American Democracy and Asiatic Citizenship

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Scribner, 1918 - 257 pages
 

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Page 88 - But the right is more precious than peace, and we shall fight for the things which we have always carried nearest our hearts, for democracy, for the right of those who submit to authority to have a voice in their own governments...
Page 47 - These provisions are universal in their application, to all persons within the territorial jurisdiction, without regard to any differences of race, of color, or of nationality ; and the equal protection of the laws is a pledge of the protection of equal laws.
Page 252 - The citizens or subjects of each of the High Contracting Parties shall receive, in the territories of the other, the most constant protection and security for their persons and property...
Page 86 - We hold these truths to be self-evident: that all men are created equal ; that they are endowed by their Creator with inalienable rights; that among these are life, liberty, and the pursuit of happiness...
Page 129 - Oh, East is East, and West is West, and never the twain shall meet, Till Earth and Sky stand presently at God's great Judgment Seat; But there is neither East nor West, Border, nor Breed, nor Birth, When two strong men stand face to face, though they come from the ends of the earth!
Page 33 - The United States of America and the Emperor of China cordially recognize the inherent and inalienable right of man to change his home and allegiance, and also the mutual advantage of the free migration and emigration of their citizens and subjects, respectively, from the one country to the other, for purposes of curiosity, of trade, or as permanent residents.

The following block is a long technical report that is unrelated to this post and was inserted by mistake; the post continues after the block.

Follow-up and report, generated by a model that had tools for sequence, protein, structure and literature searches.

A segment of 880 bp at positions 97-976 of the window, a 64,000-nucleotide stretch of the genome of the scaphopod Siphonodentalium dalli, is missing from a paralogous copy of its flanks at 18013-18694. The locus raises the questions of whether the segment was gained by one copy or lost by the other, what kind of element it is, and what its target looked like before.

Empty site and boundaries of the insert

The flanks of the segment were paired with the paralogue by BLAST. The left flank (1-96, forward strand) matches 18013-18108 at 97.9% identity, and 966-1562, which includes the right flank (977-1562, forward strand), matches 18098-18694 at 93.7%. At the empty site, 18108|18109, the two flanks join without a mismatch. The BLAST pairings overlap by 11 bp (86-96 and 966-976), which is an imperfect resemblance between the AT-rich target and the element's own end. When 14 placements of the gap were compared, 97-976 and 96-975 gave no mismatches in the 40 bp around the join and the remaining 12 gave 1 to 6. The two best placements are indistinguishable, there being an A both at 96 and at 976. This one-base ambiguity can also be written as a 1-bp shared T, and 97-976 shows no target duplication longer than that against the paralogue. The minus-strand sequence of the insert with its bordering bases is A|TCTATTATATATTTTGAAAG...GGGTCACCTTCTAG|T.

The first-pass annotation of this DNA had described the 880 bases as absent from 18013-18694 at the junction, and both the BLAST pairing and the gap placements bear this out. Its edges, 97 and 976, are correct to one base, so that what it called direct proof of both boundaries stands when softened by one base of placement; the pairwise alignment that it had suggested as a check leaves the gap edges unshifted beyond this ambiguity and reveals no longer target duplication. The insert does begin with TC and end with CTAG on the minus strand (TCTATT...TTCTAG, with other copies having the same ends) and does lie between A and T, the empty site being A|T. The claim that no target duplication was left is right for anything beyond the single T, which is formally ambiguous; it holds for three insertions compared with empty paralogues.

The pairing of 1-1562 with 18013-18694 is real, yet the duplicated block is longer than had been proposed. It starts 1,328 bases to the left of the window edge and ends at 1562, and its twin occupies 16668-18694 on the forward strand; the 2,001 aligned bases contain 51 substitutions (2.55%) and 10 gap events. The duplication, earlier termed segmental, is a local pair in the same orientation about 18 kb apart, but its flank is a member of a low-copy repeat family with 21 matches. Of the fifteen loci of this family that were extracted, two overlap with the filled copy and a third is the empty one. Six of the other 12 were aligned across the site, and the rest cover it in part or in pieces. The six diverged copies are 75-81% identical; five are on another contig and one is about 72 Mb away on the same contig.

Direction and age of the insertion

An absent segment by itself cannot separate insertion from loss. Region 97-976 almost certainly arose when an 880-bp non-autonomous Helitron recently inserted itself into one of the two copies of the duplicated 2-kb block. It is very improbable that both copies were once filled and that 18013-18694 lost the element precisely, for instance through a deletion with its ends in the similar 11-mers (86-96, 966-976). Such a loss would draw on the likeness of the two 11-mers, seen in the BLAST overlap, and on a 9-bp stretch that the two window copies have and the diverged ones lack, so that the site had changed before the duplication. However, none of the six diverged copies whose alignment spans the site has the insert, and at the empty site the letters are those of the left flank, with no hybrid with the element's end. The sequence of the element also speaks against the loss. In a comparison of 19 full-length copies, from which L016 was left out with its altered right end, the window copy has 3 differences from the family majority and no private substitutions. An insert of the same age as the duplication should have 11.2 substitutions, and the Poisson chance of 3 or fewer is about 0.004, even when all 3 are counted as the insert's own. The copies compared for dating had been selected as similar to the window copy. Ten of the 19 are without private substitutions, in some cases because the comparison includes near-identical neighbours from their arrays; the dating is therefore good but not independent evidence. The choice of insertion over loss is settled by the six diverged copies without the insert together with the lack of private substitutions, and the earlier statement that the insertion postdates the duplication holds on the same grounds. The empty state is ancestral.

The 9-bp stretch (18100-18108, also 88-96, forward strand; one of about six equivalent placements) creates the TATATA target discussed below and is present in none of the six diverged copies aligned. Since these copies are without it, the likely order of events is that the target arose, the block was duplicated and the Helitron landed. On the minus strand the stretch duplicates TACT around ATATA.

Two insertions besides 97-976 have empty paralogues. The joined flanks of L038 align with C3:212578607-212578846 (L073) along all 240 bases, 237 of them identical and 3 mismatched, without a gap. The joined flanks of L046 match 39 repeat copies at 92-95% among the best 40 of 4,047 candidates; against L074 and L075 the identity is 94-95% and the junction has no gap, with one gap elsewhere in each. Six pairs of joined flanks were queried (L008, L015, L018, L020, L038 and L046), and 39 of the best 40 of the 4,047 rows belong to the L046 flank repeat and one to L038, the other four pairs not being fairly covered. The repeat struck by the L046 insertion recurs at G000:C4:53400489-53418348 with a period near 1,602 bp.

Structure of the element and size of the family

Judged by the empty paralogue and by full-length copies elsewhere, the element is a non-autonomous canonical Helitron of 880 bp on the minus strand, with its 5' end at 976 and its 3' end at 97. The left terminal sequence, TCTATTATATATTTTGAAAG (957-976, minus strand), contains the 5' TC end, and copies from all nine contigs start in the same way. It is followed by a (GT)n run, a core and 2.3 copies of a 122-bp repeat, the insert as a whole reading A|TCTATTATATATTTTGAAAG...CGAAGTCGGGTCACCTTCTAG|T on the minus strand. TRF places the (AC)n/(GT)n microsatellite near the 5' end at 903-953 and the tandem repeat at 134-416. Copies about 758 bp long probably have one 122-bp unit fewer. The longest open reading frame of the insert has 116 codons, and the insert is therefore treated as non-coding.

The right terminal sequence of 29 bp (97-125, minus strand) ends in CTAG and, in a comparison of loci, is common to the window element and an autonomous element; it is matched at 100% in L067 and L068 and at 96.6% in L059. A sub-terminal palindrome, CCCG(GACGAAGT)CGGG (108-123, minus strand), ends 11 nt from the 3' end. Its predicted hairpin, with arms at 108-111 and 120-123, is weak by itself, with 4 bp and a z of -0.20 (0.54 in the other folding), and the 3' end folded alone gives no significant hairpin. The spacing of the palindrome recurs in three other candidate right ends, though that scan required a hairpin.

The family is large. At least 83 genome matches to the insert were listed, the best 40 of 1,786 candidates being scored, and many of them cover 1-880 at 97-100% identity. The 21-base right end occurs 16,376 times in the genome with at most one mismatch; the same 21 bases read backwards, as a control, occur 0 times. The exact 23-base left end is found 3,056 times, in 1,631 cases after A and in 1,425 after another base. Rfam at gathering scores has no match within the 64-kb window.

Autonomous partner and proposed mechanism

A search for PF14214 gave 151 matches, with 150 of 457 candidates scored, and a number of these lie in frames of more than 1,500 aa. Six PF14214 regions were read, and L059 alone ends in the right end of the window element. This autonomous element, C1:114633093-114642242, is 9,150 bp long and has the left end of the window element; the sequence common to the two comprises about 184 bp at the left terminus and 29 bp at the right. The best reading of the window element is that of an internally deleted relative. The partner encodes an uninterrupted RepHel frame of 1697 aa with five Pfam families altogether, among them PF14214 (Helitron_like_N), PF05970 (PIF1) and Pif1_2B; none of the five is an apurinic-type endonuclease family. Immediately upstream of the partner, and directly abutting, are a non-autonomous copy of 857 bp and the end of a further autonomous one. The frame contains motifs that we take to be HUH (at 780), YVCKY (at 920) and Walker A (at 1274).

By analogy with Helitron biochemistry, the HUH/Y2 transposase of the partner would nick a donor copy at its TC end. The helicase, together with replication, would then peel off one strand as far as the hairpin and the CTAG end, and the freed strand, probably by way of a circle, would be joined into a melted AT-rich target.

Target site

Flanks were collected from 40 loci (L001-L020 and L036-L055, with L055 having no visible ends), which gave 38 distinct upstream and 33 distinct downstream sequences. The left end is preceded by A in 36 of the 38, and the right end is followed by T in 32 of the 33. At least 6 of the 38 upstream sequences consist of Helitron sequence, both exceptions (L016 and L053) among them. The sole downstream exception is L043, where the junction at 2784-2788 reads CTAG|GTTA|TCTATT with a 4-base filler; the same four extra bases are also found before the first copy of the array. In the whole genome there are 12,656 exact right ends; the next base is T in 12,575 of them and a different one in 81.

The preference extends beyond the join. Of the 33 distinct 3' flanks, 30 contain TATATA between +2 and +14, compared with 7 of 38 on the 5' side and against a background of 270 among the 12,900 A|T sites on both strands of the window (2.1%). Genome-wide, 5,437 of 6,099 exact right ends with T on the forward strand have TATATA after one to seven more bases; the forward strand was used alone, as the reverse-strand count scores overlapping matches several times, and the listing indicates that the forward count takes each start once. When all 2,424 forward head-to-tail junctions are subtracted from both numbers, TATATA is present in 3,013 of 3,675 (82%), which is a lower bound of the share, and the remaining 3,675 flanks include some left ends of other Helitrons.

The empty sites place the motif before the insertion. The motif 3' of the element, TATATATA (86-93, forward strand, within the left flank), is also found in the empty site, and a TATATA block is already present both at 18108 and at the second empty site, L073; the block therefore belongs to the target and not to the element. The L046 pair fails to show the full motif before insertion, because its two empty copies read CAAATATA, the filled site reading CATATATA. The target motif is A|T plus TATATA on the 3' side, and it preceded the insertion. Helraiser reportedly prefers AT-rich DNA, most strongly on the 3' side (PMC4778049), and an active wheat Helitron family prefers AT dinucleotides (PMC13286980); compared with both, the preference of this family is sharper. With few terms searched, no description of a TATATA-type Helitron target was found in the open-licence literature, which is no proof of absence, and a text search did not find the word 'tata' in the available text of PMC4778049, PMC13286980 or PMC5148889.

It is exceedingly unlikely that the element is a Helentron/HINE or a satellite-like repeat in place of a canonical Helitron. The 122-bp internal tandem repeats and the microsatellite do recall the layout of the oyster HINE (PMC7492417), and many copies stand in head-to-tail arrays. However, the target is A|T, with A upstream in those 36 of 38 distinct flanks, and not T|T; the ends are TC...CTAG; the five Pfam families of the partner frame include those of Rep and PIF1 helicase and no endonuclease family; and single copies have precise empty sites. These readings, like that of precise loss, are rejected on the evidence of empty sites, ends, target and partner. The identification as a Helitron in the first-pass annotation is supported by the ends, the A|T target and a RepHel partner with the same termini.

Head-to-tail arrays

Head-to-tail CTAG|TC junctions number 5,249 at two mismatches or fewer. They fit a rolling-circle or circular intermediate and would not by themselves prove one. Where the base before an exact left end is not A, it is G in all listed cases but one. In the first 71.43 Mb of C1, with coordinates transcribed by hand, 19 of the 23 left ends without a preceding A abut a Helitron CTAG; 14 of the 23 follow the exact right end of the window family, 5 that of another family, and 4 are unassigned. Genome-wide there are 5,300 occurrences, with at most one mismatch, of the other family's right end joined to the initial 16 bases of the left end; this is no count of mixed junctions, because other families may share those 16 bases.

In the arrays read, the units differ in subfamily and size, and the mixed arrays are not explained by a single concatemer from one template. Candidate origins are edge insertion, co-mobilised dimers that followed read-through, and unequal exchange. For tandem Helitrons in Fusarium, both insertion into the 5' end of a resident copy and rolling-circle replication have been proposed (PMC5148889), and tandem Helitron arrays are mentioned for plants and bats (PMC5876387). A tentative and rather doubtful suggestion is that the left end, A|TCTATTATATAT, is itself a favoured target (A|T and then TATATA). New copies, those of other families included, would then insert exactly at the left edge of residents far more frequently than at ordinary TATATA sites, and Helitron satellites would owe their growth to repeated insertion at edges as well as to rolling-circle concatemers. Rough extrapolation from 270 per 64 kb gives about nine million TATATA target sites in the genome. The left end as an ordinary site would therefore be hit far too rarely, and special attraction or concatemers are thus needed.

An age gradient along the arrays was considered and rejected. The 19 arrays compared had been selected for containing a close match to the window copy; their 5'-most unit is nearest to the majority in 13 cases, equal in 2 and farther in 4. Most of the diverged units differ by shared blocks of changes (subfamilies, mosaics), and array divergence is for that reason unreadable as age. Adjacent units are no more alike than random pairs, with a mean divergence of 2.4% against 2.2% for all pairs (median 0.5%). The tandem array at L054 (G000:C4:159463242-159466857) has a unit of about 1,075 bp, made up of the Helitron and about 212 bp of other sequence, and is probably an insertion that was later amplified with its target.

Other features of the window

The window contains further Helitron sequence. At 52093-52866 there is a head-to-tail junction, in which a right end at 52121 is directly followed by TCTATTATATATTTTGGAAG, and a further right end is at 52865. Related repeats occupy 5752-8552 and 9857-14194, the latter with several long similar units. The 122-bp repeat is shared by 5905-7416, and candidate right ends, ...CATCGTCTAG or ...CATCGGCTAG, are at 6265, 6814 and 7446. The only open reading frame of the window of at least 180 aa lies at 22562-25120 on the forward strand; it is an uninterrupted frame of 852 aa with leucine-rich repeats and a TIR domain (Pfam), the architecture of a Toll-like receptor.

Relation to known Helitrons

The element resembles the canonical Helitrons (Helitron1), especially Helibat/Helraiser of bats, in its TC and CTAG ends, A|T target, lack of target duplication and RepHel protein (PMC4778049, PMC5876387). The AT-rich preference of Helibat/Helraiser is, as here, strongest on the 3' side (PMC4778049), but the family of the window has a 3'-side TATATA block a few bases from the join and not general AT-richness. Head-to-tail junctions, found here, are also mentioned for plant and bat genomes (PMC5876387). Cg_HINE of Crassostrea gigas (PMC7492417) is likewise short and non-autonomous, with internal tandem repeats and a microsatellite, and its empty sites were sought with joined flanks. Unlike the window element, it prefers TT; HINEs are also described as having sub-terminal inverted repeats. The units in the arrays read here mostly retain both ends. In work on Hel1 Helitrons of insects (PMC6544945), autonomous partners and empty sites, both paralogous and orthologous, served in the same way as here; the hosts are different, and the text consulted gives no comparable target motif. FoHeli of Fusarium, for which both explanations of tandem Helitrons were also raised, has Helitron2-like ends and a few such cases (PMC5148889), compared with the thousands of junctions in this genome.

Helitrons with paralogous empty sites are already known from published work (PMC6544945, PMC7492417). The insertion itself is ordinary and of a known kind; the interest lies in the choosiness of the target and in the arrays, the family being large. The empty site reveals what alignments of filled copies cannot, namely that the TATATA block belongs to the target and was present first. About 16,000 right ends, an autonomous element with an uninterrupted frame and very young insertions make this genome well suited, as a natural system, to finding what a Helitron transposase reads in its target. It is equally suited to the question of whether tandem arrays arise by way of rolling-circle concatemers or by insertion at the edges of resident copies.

Page 37 - If Chinese laborers, or Chinese of any other class, now either permanently or temporarily residing in the territory of the United States, meet with ill treatment at the hands of any other persons, the Government of the United States will exert all its power to devise measures for their protection and to secure to them the same rights, privileges, immunities, and exemptions as may be enjoyed by the citizens or subjects of the most favored nation, and to which they are entitled by treaty.
Page 61 - ... he has behaved as a man of good moral character, attached to the principles of the Constitution of the United States, and well disposed to the good order and happiness of the same.
Page 36 - Chinese subjects, whether proceeding to the United States as teachers, students, merchants or from curiosity, together with their body and household servants, and Chinese laborers who are now in the United States shall be allowed to go and come of their own free will and accord, and shall be accorded all the rights, privileges, immunities, and exemptions which are accorded to the citizens and subjects of the most favored nation.
Page 58 - The provisions of this Title shall apply to aliens [being free white persons, and to aliens] of African nativity and to persons of African descent.

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